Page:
Nintendo Switch Online subscribers on Switch, Switch Lite, and Switch OLED have been surprised with yet another freebie, this time involving Fire Emblem Engagethe brand-new Fire Emblem game. Yesterday, nintendo and Intelligent Systems released a brand new Fire Emblem game dubbed Fire Emblem Engage. It currently boasts an 82 on Metacritic, which is a strong score, but a bit lower than its predecessor, Fire Emblem Three Houses. That said, if you’re enjoying the new Switch exclusive or are a Fire Emblem fan in general, and are also a Switch Online subscriber, you’ll be happy to know new profile icons have been added featuring characters from the game.
A variety of different icons are currently available to exchange via Platinum Points, but only for one week. However, there are six planned waves of different icons from the game. These waves won’t feature any of the same icons, so if you miss out on one, you’re out of luck, but there will be plenty of icons to pick up in case you do.
Each icon — Sommie, Celicia, Lumera, Marth, Vander, Clanne, Framme, Alear male, Alear female, and Alear’s sword Liberation — are all priced at 10 Platinum Points. Right now, it’s unclear if an Expansion Pack subscription is required to participate.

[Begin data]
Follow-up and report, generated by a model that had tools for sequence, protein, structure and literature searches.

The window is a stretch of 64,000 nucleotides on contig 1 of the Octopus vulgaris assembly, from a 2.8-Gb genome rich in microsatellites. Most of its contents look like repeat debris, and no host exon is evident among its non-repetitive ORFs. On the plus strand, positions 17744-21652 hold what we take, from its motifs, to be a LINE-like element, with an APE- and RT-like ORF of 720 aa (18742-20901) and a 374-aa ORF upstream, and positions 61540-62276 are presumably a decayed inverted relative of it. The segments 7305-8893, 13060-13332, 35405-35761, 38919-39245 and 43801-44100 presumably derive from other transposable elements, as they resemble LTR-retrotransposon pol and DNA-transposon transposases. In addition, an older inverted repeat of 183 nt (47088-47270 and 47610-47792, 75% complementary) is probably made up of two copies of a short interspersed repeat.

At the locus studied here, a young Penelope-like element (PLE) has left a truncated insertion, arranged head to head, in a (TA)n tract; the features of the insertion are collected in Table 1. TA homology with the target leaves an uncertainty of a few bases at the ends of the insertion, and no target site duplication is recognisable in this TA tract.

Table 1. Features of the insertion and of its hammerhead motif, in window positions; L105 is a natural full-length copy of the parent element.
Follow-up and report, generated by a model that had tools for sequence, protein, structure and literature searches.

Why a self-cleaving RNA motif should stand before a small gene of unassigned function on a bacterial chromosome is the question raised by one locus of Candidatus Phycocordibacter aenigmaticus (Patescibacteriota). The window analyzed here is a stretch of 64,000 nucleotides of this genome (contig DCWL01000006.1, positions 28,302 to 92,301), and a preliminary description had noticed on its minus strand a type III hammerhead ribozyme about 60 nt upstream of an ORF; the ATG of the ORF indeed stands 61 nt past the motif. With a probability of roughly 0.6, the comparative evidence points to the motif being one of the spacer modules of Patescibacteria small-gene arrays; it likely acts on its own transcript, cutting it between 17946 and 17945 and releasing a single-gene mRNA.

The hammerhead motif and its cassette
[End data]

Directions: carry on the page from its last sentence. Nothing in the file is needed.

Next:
🕹 Nintendo Switch Online – Fire Emblem Engage released today, so it’s also time for the launch of the game-colored icons. Set 1 will be available until next Friday. pic.twitter.com/pvIm3wnBVa
— NintendoHOME – Nintendo News 24/7 (@NintendHOME) January 20, 2023
“Fire Emblem Engage opts for a more classic version of the Fire Emblem experience, with a mix of deep strategic combat, quirky characters, and goofy fan service, but doesn’t try to really remake or refine the experience in a meaningful way,” reads the opening of our review of the game. “The upcoming Fire Emblem game is largely a celebration of the franchise as a whole, with numerous characters and maps from Fire Emblem games making an appearance through the new Emblem Ring system and accompanying Paralogues. However, because the game leans into what has made the franchise so appealing over the course of the last 25 years, it fails to really rise above the franchise’s history or innovate gameplay at all. The result is a game that’s enjoyable but safe, an experience that sticks to the hits instead of trying to build on what’s come before to create a new experience.”